That's what makes it so hard to believe that, in the 1970s, Memphis had not just one, but three, restaurants in town called Sambo's, which used the jungle and animal imagery from the book as their decorating theme. As you can see from this ad, which I scanned from the back cover of a 1977 Duration Club program, you could take your pick from the Sambo's on Winchester, Summer, or Poplar.
What's interested, too, is that this particular ad didn't feature the little African child as the restaurant's "mascot" but instead the tiger, which — if I remember correctly — was turned into butter when Little Sambo made him run faster and faster around the tree where ... oh, you'll just have to read the book.
All the Sambo's restaurants in Memphis are gone now, in case you were wondering. And, despite the ad, I really doubt if everyone who dined there got balloons.
Sometime in the 1930s — I could look up the exact date, but I'm pretty comfy in my chair here, and the book is all the way across the room — city leaders built Memphis' largest swimming pool. It was a huge, oval thing, surrounded by sand beaches. Maywood and Clearpool did the same thing. With sand, I mean.
On the west side was a low building (shown here) that housed showers, changing rooms, and showers. And across the front was a big sign, as you can plainly see, warning all swimmers "ALL OUT WHEN BELL RINGS." In other words, get out of the pool when the lifeguard rings a bell — either to signify that somebody might be drowning, or your swimming day was coming to a close. I don't recall what those tile-roofed buildings in the background were used for. I can only do so much, you know, and these days that's really not much at all.
Notice the old-fashioned lightpoles around the pool. I wonder: was this place open at night?
And yes, as I sit here shivering in the drafty Lauderdale Mansion, I realize it's not exactly the season for outdoor swimming, but I thought I'd share the old photo with you anyway. This place was known as the civic pool, and just like Rainbow Lake, Clearpool, and Maywood (and in more recent years, Adventure River), there's not a trace of it. Despite our unbearable summers, Memphis, it seems, just can't support a big outdoor swimming complex. It doesn't make sense, does it?
The old photo shows the intersection of Main and Washington, looking southeast towards the Sterick Building looming in the distance. The three-story brick building on the corner, with the Canada Dry Spur sign ("It's a finer Cola" — wow, what a lame slogan!) painted on the side, is the Jefferson Hotel.
Constructed in 1915, the hotel occupied the second and third floors of the building, and originally offered patrons a range of rooms costing from 50 cents to $1.50 a night. The proprietor, a fellow named Abraham Alperin, operated a clothing store on the ground floor and lived in the rear of his shop.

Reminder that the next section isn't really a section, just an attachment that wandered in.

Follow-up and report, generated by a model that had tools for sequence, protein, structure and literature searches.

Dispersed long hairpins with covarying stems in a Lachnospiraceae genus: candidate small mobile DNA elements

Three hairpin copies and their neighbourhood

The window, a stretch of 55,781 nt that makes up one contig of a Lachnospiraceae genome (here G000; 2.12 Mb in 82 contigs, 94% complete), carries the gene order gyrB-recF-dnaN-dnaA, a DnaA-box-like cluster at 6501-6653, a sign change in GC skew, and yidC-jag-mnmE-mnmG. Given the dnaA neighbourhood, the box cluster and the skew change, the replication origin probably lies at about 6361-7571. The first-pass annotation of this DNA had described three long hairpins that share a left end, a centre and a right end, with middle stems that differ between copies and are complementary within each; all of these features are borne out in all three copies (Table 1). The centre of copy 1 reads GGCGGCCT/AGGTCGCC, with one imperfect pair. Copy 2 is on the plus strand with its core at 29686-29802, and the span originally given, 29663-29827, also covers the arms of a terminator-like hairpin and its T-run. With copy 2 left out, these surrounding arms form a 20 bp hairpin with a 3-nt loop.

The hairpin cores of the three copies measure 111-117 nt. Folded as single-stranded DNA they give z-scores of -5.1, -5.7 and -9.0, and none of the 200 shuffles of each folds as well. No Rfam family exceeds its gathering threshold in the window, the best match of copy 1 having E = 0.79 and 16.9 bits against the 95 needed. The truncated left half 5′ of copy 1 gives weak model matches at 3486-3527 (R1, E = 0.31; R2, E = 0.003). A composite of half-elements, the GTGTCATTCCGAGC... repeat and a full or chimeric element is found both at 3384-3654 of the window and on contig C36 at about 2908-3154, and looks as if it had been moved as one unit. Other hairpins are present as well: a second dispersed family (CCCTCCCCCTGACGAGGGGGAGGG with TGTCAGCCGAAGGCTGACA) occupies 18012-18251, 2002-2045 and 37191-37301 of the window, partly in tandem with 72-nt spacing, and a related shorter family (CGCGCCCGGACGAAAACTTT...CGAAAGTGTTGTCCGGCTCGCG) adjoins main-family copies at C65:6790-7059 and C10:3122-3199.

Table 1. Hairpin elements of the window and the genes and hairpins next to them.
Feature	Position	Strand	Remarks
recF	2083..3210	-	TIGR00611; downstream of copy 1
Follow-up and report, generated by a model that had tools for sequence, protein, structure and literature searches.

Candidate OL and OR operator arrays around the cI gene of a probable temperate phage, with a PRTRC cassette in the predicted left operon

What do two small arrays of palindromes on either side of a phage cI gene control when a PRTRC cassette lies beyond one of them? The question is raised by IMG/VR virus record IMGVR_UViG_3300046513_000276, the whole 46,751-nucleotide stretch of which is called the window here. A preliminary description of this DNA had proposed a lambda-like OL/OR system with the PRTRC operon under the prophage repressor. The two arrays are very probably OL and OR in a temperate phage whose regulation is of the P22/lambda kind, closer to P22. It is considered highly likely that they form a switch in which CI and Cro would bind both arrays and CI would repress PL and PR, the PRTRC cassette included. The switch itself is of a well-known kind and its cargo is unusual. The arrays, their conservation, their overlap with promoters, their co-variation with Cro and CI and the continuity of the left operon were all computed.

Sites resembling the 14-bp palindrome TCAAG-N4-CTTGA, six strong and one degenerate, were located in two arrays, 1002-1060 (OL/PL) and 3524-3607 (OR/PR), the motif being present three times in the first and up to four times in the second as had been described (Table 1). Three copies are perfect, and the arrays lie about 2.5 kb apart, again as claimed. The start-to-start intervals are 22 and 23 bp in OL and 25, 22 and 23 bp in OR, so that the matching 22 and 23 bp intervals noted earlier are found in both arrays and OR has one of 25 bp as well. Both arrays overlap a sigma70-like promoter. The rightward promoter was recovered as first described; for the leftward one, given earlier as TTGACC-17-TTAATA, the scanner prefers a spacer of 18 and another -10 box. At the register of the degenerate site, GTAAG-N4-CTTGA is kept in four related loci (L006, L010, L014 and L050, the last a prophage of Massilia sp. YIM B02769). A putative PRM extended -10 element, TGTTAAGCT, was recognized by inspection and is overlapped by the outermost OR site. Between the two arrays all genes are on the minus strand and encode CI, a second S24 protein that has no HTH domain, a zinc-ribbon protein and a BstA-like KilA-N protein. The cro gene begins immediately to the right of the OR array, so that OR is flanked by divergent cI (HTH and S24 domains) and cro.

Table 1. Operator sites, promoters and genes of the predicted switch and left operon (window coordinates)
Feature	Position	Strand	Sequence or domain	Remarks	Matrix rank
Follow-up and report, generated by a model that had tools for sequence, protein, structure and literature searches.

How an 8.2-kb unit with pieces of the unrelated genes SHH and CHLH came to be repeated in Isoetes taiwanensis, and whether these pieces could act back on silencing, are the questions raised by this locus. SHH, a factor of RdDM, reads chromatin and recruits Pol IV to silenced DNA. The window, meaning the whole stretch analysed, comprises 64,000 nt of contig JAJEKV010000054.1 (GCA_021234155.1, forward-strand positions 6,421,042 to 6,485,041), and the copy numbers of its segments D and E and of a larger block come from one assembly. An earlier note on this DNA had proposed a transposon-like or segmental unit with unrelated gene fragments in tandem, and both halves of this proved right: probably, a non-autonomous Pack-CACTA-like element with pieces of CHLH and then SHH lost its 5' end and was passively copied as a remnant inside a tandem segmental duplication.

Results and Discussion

Such expertise, I said, didn't provide much comfort to nervous patients in those ambulances, and if you ask me, it was almost a business conflict. Was it really in the best interest of the funeral home to get those patients to the hospital on time — and therefore lose a paying customer? After all, I imagine the costs for a funeral service would be considerably higher than the cost of an ambulance ride.
Anyway, I thought I'd present you here with a couple of eye-catching advertisements I found in a 1949 city directory. You'll note that Thompson Brothers bragged they had "the only crematorium in the South" right below their announcement of "Ambulance Service." Yikes! And Spencer-Sturla (below) squeezed their own "AMBULANCE SERVICE" notice in between the description of their "efficient and sympathetic" funeral service and their "burial insurance plan ... a fitting tribute to the departed."
This is just so wrong. It would be like morticians sitting in the emergency rooms, with an embalming kit in their laps!
Well, it turns out that information about Southern Motors really wouldn't have been that hard to obtain. All I needed to do was open up the pages of the telephone book, because Joseph Canapari Jr. — yes, the man's son — lives in Memphis, and he sent an email telling quite a bit about Southern Motors. Here's what he told me:
"As I remember it, Southern Motors was started sometime after the repeal of prohibition by my uncle, Lawrence Canepari, an immigrant from Bassignana, Italy. He made his money during prohibition by — guess what — the production and sale of illegal whiskey. The company sold Buick, Oldsmobile, Cadillac, and LaSalle automobiles. Lawrence died in the mid-fifties and my father, Joe Canepari, bought the dealership. At the time he had Oldsmobile and Cadillac, and later dropped Oldsmobile and became exclusively Cadillac.
"I have a company photograph from 1955 showing 88 employees. I remember when the new models were shown for the first time each year. The flower arrangements that accompanied them were breathtaking by anyone's standards. The company sold to a lot of the rock-and-rollers of the day: Johnny Cash, Carl Perkins, Jerry Lee Lewis, and Mr. Sam Phillips from down at Sun Studios, but by far our most famous client was Elvis Presley. His 3:00 a.m. shopping sprees many times left the new car department empty, and likely as not you'd read a few days later where he gave them all away.